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Sacrifice and Conversion in the Early Modern Atlantic World

Sacrifice and Conversion in the Early Modern Atlantic World

Edited by Maria Berbara

ISBN 9780674278806

Publication date: 08/09/2022

When Europeans came to the American continent in the fifteenth and sixteenth centuries, they were confronted with what they perceived as sacrificial practices. Representations of Tupinamba cannibals, Aztecs slicing human hearts out, and idolatrous Incas flooded the early modern European imagination. But there was no less horror within European borders; during the early modern period no region was left untouched by the disasters of war.

Sacrifice and Conversion in the Early Modern Atlantic World illuminates a particular aspect of the mutual influences between the European invasions of the American continent and the crisis of Christianity during the Reform and its aftermaths: the conceptualization and representation of sacrifice. Because of its centrality in religious practices and systems, sacrifice becomes a crucial way to understand not only cultural exchange, but also the power struggles between American and European societies in colonial times. How do cultures interpret sacrificial practices other than their own? What is the role of these interpretations in conversion? From the central perspective of sacrifice, these essays examine the encounter between European and American sacrificial conceptions—expressed in texts, music, rituals, and images—and their intellectual, cultural, religious, ideological, and artistic derivations.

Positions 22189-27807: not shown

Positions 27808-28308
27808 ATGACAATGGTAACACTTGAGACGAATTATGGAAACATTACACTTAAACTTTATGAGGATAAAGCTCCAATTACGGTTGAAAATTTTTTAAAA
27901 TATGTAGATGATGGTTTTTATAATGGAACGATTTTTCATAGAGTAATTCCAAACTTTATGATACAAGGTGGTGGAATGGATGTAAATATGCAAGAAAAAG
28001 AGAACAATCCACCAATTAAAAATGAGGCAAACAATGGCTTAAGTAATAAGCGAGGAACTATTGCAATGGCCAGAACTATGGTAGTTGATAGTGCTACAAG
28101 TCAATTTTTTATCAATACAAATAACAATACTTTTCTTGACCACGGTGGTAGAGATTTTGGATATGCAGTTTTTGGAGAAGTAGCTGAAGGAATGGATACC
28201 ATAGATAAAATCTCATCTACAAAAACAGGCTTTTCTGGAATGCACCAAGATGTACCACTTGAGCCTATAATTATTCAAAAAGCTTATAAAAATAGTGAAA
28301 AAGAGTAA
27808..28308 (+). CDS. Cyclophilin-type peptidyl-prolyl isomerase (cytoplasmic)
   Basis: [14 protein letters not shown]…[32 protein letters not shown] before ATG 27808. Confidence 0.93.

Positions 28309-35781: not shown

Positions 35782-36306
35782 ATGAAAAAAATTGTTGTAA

• Maria Berbara is Professor of Art History at the State University of Rio de Janeiro. She received her PhD from the University of Hamburg and specializes in Italian and Iberian art produced between the fifteenth and seventeenth centuries, as well as in cultural history, early modern globalism, and intellectual interchange in the Atlantic world.

Book Details

  • 378 pages
  • 6-1/2 x 9-1/2 inches
  • Villa I Tatti